I haven’t been following the NBA/referee union negotiations/lockout all that closely, mainly, I guess, because I seem to be one of only about six diehard NBA fans who rarely cares — or even thinks — about officiating. Sure, there are tons of bad calls and there are probably some systemic problems, but my main position on the whole matter has always been that, in my entire lifetime, I don’t think I’ve seen more than a couple of well-officiated games of basketball at any level, whether that be the NBA, NCAA, high school, intramural or pickup. It’s just an incredibly difficult sport to officiate and I expect there to be a lot of bad calls given the speed, complexity and general nature of the sport — not to mention the vast number of subjective rules that regulate it.
Maybe my expectations are too low. That certainly may be the case.
But I watch and write about basketball because I love watching basketball players play basketball. I’m weird, I know. But I simply do not enjoy or even often pay attention to what the referees do on the court. Their role in the game is just entirely uninteresting and ranks somewhere below the roles of the fans, announcers and mascots on the things I care to pay attention to while watching my favorite sport.
That said, it is exceedingly troublesome that this year’s season might begin with replacement referees. You can read more about the negotiating impasses here if you like, but Tim Povtak describes what many have stated to be the most contentious stalemate.
The league has been asking for significant concessions from the union, most notably a reduction in pension benefits. The league has said that it wants the union to accept a deal that is more in line with the compensation awarded its office employees and administrative staff.
To let David Stern know why, in her opinion, NBA refs deserve a better pension than the typical NBA employee, one referee’s wife — a characterization she terms being a “referee widow” because of how little time NBA refs are able to spend with their families — wrote a heart-felt letter to the League office.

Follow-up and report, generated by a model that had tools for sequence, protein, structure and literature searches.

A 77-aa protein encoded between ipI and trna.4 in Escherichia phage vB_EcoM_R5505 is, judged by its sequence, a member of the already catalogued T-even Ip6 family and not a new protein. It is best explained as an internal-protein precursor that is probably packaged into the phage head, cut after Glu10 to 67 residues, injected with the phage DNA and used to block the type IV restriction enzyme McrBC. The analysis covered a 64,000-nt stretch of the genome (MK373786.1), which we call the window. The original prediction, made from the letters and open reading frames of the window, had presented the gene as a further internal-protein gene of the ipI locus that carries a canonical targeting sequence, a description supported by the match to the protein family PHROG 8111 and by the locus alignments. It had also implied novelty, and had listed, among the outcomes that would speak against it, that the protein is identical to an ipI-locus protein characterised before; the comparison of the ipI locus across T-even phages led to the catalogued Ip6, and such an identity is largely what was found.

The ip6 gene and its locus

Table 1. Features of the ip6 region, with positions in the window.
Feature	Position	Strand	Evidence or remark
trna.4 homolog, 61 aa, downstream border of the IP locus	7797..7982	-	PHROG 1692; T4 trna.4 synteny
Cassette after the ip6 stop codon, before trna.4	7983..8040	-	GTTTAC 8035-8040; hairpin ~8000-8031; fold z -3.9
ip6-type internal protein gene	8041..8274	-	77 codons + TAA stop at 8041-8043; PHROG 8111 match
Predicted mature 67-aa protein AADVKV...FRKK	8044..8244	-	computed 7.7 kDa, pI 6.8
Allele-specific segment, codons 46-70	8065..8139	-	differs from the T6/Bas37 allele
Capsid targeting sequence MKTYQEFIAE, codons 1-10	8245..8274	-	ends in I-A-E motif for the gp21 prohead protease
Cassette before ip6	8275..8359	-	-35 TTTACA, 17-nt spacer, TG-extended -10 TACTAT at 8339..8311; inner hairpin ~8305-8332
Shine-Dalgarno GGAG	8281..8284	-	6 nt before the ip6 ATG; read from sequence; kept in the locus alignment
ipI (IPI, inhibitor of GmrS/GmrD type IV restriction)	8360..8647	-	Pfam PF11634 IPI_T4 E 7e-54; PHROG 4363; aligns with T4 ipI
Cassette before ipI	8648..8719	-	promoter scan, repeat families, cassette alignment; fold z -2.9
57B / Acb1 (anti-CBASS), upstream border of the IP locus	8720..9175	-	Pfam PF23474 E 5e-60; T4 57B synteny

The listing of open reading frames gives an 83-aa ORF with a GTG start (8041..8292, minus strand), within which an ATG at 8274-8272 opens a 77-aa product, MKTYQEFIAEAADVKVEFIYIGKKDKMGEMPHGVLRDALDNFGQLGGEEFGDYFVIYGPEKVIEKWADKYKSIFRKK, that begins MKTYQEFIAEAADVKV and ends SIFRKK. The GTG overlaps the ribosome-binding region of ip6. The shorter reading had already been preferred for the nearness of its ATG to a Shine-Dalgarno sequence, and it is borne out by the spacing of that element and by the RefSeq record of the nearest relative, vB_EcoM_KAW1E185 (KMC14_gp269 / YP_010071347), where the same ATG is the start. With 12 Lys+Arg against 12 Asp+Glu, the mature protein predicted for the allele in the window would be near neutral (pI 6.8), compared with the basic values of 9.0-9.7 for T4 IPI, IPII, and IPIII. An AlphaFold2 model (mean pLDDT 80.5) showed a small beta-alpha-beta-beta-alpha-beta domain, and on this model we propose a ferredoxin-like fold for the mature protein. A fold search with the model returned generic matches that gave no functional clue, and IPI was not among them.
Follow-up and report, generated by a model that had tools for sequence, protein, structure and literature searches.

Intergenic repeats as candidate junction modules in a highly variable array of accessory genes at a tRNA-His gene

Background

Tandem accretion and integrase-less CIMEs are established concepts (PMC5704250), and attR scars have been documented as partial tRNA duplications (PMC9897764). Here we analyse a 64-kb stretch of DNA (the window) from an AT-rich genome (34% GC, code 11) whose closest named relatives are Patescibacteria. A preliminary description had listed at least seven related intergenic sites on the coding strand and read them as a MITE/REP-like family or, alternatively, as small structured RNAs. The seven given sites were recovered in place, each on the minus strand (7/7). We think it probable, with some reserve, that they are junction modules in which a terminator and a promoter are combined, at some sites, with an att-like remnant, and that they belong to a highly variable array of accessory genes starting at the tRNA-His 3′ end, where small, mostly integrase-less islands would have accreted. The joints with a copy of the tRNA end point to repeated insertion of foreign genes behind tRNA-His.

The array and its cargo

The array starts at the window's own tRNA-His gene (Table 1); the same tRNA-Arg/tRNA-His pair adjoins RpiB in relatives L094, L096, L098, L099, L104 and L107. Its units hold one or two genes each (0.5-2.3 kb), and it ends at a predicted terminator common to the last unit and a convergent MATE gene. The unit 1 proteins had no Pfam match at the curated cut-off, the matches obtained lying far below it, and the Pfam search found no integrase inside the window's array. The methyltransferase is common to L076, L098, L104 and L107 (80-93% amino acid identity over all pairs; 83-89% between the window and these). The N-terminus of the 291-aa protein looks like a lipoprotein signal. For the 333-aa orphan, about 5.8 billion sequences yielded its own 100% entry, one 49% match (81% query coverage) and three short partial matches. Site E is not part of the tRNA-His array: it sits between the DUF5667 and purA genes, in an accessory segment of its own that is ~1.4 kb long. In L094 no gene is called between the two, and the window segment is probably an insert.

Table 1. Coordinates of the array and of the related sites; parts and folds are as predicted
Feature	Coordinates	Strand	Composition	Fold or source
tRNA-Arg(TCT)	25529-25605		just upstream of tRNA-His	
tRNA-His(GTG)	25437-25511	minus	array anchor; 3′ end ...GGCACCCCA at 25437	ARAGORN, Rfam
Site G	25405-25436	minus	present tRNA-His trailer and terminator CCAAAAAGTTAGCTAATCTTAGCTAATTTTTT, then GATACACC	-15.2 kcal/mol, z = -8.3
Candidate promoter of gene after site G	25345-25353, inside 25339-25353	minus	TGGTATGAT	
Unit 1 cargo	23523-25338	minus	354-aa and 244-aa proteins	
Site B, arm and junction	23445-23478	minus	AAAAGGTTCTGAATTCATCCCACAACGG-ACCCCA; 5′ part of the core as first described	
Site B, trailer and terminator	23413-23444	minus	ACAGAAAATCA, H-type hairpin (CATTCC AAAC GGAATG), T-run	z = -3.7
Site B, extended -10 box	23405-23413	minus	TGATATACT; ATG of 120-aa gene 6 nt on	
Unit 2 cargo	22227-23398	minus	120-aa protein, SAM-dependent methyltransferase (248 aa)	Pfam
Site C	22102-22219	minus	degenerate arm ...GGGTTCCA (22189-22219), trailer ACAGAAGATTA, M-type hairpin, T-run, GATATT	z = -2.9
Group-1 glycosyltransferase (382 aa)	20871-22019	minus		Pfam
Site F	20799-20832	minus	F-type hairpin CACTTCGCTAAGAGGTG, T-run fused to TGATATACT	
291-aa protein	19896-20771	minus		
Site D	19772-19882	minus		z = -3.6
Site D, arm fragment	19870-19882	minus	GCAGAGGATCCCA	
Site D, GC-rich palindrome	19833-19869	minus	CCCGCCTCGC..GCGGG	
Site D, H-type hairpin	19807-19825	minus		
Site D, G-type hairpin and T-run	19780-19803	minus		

Julie Davis, the wife of Marc Davis (a long-time referee who, in addition to being a motivational speaker in his off time, has benefited from such on-the-job perks as having his bald head kissed by Rafer Alston), wrote the following:
“In any given season, we are lucky if my husband works three home games in a 75-game schedule. We are lucky if he is home more than five 24-hour periods a month. Who else on the NBA staff can say they do the same? Players can’t. David Stern can’t. Office staff can’t, nor can anyone else who works for the NBA. Referees are unique in what they give to and what they give up for the game.
“It was not my dream to be an NBA referee. It was not our kid’s dream to have a father who is one either. But it is a dream we are fully committed to supporting because it is my husband’s dream. I take on single parenthood and being a ‘referee widow’ because I love my husband and believe in him and his dream. All that has happened with this contract just has me questioning whether the NBA realizes the sacrifices 57 families of their employees make to continue to put out the ‘best product in the world.’”
This is just a portion of the letter, which I suggest you read in its entirety over at FanHouse.
If more real-life, referee-related revelations like this were discussed around the internet, maybe I would care a little more about NBA officials. I highly doubt it, but this inside look inside the life of a referee is infinitely more interesting to read about than the same clichéd complaints about poor performance and conspiracy theories.
* It required a Herculean effort on my part to not refer to a ref’s wife as a “whistleblower” in the headline. If I truly had any decorum, I would have also refrained from mentioning it here, too, but alas…
I try not to chastise NBA referees, but even I really don’t want to see what the JV squad has to offer. Let’s work this out, fellas. If not, our Hoop Head in Chief, Barry O, needs to fire up the White House kegerator and invite David Stern and Dick Bavetta over for a beer.